AWS Developer Blog

Clock-skew correction

by Pavel Safronov | on | in .NET | Permalink | Comments |  Share

Clock skew is the difference in time between two computers. In the context of this blog post, it’s the difference between the time on a computer running your .NET application (client) and Amazon’s (server). If the client time is different from server time by more than about 15 minutes, the requests your application makes will be signed with the incorrect time, and the server will reject them with an InvalidSignatureException or similar error.

The solution to this problem is to correct your system clock, but unfortunately that isn’t always an option. The application may not have permissions to update the time, or the user may have set an incorrect time on purpose. The latest release of the AWS SDK for .NET includes a new feature to help out in this case: the SDK will now identify and correct for clock skew. This feature is enabled by default, so you don’t have to make any changes to your application.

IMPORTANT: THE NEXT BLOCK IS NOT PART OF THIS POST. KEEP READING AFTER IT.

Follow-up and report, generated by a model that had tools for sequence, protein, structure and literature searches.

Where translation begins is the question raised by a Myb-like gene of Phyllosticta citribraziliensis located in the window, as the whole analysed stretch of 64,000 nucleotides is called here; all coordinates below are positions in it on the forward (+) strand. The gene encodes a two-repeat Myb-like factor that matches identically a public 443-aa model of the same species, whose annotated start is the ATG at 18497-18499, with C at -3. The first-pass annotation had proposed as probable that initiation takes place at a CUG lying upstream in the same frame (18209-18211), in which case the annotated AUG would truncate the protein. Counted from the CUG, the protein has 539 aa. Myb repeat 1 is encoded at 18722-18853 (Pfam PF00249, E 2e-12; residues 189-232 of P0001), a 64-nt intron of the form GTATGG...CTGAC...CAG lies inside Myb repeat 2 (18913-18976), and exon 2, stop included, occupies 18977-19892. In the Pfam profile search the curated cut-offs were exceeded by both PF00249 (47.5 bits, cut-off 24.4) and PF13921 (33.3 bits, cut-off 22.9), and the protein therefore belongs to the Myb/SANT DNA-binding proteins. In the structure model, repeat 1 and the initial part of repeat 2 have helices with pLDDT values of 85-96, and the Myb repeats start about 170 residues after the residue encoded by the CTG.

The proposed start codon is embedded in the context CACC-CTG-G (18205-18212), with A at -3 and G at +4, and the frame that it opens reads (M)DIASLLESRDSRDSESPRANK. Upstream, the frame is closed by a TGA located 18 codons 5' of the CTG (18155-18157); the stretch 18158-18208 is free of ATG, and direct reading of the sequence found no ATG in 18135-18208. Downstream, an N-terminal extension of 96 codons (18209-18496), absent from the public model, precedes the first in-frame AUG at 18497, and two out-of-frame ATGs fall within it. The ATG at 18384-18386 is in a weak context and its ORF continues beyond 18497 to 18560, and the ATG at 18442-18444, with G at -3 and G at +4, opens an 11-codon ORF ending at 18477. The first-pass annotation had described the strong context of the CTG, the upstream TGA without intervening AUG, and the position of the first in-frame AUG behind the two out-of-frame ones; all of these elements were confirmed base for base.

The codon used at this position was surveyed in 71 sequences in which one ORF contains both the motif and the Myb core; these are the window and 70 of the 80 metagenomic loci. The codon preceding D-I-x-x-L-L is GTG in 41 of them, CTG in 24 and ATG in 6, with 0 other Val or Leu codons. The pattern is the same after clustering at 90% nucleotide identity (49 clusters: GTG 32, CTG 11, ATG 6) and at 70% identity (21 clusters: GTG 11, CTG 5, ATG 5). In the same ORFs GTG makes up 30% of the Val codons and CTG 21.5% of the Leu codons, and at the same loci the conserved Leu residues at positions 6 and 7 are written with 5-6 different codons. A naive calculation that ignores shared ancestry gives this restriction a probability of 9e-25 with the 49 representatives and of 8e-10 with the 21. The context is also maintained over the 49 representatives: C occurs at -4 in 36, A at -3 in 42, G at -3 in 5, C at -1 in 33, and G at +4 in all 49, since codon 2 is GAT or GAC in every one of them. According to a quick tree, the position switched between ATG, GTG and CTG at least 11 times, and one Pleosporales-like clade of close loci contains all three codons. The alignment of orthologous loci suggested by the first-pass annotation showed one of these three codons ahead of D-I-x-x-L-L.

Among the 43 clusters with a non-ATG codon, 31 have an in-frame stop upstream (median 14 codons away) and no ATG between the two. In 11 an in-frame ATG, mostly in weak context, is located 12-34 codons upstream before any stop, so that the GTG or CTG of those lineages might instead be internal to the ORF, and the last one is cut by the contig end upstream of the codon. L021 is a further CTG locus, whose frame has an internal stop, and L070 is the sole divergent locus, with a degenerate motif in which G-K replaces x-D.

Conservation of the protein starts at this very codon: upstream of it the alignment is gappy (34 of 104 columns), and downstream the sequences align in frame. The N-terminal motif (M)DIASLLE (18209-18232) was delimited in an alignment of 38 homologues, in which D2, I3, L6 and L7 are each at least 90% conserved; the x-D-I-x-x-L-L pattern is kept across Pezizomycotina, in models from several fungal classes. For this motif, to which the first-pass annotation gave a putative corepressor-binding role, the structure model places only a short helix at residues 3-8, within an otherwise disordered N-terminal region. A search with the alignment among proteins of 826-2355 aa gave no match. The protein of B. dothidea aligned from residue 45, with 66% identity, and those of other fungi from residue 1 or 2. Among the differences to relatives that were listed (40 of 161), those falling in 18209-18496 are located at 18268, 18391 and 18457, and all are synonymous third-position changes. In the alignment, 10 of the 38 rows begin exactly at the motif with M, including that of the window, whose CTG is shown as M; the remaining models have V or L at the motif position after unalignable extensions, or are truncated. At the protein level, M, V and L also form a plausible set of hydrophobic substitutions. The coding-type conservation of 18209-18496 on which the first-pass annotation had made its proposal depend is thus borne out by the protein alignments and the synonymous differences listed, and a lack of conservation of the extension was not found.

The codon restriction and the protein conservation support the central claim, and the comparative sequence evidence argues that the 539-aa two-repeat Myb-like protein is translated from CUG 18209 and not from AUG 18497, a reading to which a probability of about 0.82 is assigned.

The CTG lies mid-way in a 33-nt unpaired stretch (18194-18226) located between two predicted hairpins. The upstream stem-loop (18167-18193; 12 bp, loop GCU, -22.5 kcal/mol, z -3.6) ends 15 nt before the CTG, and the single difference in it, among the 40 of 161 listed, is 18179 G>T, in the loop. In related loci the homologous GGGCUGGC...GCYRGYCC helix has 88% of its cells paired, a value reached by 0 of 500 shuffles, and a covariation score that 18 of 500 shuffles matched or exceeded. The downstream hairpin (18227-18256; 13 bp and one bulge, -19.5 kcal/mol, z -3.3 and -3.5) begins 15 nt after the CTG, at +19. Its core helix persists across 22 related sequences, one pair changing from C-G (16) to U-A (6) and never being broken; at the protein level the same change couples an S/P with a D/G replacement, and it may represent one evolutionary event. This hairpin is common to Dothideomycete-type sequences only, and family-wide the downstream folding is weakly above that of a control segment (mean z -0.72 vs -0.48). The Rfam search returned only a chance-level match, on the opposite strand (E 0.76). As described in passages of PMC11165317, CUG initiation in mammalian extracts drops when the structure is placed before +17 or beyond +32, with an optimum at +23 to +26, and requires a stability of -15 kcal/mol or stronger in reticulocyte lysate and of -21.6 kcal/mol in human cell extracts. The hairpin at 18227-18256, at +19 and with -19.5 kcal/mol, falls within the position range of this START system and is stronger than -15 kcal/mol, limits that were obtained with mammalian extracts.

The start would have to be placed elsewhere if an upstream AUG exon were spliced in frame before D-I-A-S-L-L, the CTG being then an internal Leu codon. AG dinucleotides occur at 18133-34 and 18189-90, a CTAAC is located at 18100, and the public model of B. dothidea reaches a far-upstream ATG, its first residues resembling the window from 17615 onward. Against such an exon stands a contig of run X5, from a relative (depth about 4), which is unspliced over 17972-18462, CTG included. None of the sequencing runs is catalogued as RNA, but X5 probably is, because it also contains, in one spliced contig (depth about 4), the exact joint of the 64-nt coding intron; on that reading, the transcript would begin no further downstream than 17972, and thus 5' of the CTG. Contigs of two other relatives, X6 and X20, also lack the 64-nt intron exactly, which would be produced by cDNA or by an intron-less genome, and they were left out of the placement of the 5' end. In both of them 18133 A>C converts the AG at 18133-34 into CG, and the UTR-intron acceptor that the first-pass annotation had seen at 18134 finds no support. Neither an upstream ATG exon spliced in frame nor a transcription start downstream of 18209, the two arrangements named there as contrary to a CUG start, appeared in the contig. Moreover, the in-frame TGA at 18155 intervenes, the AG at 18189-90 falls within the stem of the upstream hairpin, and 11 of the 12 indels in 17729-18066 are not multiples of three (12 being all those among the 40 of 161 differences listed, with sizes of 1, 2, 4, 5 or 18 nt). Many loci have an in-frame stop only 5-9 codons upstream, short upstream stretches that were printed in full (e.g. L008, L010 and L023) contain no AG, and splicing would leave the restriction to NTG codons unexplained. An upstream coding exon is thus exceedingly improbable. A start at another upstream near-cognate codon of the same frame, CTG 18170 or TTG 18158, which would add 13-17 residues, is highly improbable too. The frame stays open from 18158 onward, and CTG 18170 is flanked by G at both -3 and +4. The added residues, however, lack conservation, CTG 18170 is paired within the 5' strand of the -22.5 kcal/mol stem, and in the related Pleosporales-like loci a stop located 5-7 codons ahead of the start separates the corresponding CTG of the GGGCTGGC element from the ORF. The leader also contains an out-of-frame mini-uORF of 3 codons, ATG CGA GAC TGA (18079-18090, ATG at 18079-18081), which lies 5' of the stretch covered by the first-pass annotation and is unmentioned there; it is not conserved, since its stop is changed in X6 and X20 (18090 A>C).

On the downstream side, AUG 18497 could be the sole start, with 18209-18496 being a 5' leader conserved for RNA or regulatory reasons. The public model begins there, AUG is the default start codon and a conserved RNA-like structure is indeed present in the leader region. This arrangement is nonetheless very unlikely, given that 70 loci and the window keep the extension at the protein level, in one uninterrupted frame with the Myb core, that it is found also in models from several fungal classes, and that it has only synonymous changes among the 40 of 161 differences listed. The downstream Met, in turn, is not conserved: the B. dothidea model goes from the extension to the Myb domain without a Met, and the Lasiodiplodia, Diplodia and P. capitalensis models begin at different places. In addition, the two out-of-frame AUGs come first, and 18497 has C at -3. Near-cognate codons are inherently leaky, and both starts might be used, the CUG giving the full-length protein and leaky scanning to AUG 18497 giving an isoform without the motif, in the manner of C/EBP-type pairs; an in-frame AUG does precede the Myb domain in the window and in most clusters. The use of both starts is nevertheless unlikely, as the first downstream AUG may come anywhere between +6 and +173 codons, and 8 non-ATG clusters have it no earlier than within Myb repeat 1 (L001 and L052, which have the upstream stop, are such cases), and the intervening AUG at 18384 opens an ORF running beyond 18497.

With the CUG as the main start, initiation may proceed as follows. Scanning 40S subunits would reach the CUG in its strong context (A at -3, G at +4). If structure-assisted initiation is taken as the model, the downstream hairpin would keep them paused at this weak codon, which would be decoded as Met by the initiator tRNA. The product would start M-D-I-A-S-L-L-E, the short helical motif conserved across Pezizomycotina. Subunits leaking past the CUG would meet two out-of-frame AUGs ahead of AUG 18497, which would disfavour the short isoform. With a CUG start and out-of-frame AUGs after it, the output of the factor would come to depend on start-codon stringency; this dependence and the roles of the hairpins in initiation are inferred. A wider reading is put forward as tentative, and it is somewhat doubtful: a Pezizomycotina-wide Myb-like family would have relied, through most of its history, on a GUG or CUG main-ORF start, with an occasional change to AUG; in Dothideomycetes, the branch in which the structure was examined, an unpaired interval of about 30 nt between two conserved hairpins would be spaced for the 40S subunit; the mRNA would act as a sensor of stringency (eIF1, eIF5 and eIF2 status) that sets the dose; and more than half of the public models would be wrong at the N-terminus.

For the most part, this process is transparent: the SDK will make a request, and if the server responds with a clock skew error, the SDK will calculate a clock offset (how much client time is different from server time) and will then retry the original request with the correct time. If you are interested in knowing the clock offset that the SDK calculated, the SDK stores this value in AWSConfigs.ClockOffset. You can also turn this feature on or off with the AWSConfigs.CorrectForClockSkew property or by using the below configuration, though disabling clock skew correction will of course result in the SDK throwing signature errors if there is clock skew on your system.

<configuration>
  <configSections>
    <section name="aws" type="Amazon.AWSSection, AWSSDK" />
  </configSections>
  <aws correctForClockSkew="true OR false" />
</configuration>